Team effectiveness is enhanced by a team’s commitment to reflection and ongoing evaluation. In addition to evaluating accomplishments in terms of meeting specific goals, for teams to be high performing, it is essential for them to understand their development as a team. Most of us are familiar with the concept of “the terrible twos” in early childhood; understanding that developmental stage makes it easier to accept the constant stream of “No, No, No, No, No” that we might hear from a two-year-old. Teams go through stages of development. The most commonly used framework for a team’s stages of development was developed in the mid-1960s by Bruce W. Tuckman.
Although many authors have written variations and enhancements to Tuckman’s work, his descriptions of Forming, Storming, Norming and Performing provide a useful framework for looking at your own team. Each stage of team development has its own recognizable feelings and behaviours; understanding why things are happening in certain ways on your team can be an important part of the self-evaluation process.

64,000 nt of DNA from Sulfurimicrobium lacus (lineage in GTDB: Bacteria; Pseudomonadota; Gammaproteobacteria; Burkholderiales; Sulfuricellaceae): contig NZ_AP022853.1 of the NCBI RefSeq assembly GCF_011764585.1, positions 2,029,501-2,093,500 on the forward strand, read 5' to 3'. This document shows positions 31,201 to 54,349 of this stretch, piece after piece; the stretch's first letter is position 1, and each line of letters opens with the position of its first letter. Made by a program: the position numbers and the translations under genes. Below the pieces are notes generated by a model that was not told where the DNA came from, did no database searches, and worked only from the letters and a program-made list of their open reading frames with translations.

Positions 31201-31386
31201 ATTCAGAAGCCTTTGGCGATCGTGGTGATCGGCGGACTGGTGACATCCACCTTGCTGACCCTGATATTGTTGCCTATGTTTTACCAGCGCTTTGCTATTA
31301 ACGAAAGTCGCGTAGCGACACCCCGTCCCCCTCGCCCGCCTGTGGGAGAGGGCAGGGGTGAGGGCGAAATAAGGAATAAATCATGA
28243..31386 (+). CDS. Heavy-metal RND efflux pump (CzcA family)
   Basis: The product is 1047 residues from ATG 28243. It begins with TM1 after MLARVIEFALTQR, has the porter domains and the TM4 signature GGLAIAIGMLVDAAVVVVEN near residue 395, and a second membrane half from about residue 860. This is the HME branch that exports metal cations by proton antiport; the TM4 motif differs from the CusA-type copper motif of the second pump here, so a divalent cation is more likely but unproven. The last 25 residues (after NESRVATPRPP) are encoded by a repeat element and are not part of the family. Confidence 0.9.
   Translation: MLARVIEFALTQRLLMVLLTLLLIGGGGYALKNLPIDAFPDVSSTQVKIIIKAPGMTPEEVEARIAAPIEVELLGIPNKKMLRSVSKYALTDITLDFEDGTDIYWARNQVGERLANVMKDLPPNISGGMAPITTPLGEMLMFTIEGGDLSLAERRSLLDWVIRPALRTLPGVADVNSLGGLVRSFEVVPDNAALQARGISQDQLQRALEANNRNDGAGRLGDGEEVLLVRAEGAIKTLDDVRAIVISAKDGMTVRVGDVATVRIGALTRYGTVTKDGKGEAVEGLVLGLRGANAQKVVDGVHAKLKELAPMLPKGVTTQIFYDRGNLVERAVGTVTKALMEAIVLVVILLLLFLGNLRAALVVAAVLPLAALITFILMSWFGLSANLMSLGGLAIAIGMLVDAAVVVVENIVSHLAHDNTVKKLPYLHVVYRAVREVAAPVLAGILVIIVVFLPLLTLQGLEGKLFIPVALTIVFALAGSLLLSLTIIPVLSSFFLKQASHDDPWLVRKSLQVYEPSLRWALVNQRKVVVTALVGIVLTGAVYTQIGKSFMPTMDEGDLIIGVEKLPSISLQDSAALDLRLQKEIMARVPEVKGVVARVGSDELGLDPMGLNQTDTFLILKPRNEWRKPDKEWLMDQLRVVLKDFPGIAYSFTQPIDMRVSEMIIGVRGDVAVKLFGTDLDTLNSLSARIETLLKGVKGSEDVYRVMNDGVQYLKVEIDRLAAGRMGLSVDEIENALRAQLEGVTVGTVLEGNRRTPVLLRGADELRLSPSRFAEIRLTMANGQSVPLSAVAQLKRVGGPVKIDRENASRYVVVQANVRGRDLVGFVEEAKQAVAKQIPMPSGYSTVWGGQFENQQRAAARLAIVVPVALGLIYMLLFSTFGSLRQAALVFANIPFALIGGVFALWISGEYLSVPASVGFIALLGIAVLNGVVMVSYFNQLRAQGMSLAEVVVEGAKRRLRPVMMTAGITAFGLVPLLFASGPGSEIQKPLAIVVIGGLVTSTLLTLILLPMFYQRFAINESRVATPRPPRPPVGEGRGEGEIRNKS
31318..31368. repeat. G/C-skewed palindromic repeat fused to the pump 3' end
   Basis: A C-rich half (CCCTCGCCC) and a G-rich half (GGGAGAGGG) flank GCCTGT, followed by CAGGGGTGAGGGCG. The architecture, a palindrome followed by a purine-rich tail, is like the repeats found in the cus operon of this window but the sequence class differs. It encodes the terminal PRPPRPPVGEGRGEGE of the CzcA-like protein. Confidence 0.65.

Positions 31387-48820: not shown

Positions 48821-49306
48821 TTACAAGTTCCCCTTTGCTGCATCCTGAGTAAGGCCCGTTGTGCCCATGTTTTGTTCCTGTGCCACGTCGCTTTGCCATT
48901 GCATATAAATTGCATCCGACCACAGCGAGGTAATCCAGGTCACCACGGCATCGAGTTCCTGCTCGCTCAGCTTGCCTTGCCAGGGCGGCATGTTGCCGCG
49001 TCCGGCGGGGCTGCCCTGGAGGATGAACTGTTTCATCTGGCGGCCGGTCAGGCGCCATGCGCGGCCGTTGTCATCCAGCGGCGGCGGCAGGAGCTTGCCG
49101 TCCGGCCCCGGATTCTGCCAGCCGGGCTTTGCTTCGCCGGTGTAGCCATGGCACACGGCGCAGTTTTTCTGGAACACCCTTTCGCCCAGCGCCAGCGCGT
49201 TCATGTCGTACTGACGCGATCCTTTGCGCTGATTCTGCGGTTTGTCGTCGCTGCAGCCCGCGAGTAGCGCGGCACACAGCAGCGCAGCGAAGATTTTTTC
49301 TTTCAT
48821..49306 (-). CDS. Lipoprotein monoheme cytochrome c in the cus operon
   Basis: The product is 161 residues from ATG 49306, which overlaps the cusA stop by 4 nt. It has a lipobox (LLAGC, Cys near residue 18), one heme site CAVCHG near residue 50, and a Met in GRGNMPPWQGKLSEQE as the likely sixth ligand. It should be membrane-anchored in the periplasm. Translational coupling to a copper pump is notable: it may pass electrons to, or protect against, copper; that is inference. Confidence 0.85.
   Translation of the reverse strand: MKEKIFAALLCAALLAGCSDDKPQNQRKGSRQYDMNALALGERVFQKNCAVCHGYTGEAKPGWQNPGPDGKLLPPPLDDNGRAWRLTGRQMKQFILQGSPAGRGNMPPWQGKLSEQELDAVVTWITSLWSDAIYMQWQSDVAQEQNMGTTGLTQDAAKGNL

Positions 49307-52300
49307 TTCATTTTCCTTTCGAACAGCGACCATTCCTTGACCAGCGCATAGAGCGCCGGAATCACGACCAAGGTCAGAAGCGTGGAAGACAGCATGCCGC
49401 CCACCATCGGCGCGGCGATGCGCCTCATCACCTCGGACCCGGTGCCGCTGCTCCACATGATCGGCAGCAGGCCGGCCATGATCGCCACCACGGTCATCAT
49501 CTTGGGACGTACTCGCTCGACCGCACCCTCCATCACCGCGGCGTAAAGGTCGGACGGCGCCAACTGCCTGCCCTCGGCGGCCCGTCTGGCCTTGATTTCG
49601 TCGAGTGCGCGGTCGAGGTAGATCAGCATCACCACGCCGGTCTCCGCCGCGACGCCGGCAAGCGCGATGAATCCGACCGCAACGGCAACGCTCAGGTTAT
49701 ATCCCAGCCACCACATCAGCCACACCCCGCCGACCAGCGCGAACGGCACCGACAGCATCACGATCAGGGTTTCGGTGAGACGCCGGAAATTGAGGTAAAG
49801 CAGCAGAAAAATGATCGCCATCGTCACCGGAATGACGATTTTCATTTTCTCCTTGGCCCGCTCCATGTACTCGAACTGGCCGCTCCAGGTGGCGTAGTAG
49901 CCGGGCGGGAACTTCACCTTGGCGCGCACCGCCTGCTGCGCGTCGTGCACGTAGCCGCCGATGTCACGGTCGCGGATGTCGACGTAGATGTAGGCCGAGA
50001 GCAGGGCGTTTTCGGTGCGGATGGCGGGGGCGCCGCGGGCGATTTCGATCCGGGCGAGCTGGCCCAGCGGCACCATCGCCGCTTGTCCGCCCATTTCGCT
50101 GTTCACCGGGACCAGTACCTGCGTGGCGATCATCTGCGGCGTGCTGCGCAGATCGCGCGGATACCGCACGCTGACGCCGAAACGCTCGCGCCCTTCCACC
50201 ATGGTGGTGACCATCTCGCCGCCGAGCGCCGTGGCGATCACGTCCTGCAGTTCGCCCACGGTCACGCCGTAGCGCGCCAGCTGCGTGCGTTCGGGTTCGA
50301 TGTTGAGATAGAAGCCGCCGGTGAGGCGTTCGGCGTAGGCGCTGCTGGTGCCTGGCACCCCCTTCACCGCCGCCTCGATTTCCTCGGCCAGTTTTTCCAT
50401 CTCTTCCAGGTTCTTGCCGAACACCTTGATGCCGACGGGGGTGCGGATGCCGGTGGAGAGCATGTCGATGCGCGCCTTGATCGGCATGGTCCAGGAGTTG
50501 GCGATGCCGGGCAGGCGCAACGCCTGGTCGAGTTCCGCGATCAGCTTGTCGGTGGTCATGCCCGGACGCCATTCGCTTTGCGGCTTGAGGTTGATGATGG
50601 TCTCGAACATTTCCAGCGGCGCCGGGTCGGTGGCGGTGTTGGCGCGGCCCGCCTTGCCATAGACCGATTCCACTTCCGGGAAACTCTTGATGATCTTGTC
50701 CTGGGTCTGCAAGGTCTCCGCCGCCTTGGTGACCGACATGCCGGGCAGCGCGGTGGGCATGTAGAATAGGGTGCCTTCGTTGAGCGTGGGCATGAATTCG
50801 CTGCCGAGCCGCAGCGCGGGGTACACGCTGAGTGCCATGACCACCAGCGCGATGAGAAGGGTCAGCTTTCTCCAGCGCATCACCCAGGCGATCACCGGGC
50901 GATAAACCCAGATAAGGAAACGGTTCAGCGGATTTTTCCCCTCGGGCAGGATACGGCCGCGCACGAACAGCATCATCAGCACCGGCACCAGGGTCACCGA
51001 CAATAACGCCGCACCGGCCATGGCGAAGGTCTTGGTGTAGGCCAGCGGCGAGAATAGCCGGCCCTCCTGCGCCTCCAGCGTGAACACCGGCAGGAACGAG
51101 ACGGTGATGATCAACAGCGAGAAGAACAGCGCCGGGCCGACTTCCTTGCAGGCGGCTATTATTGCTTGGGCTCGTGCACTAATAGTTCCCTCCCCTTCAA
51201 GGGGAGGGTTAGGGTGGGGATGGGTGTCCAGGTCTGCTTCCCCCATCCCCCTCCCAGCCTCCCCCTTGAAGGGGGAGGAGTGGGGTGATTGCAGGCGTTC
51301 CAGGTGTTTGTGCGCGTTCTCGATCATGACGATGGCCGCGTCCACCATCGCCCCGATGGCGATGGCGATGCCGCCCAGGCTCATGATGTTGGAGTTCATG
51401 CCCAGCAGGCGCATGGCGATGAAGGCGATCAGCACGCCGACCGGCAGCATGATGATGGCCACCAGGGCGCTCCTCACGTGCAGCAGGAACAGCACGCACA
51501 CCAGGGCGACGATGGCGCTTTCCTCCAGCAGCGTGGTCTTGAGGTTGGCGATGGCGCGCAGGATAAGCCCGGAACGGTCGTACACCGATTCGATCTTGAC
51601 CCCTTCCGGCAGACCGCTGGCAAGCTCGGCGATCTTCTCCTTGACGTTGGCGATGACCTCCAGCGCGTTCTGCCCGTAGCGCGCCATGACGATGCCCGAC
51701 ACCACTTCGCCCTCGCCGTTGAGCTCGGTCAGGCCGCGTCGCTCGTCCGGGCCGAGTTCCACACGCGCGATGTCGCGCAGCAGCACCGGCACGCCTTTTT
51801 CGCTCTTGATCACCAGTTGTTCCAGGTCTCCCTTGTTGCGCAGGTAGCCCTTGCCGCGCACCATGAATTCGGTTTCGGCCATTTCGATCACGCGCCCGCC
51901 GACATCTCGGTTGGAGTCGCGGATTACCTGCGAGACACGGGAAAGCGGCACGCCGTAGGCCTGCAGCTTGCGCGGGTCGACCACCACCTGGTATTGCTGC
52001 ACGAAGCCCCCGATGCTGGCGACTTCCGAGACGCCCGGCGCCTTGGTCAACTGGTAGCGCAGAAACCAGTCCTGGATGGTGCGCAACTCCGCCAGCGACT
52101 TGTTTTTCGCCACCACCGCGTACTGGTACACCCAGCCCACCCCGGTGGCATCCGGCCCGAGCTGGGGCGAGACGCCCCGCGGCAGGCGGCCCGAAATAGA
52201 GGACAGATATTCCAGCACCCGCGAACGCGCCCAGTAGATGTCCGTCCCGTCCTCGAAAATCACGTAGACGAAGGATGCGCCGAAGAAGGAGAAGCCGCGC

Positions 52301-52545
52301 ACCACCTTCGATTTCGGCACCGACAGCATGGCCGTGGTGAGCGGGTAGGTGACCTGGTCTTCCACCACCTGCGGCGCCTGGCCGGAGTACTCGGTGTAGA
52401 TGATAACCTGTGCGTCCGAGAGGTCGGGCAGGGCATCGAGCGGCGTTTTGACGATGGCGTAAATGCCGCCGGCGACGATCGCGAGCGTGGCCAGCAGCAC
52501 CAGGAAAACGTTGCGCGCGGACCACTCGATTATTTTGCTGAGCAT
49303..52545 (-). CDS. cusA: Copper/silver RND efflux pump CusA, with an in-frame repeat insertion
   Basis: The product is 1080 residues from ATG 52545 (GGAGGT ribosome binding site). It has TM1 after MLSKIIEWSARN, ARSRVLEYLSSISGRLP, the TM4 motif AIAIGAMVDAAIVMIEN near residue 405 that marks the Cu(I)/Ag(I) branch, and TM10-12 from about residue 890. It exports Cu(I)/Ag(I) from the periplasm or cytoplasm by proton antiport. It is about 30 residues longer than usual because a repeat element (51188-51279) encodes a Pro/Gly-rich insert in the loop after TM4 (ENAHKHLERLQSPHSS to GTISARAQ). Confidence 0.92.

Stage 1: Forming
During the Forming stage of team development, team members are usually excited to be part of the team and eager about the work ahead. Members often have high positive expectations for the team experience. At the same time, they may also feel some anxiety, wondering how they will fit in to the team and if their performance will measure up.
Behaviours observed during the Forming stage may include lots of questions from team members, reflecting both their excitement about the new team and the uncertainty or anxiety they might be feeling about their place on the team.
The principal work for the team during the Forming stage is to create a team with clear structure, goals, direction and roles so that members begin to build trust. A good orientation/kick-off process can help to ground the members in terms of the team’s mission and goals and can establish team expectations about both the team’s product and, more importantly, the team’s process. During the Forming stage, much of the team’s energy is focused on defining the team, so task accomplishment may be relatively low.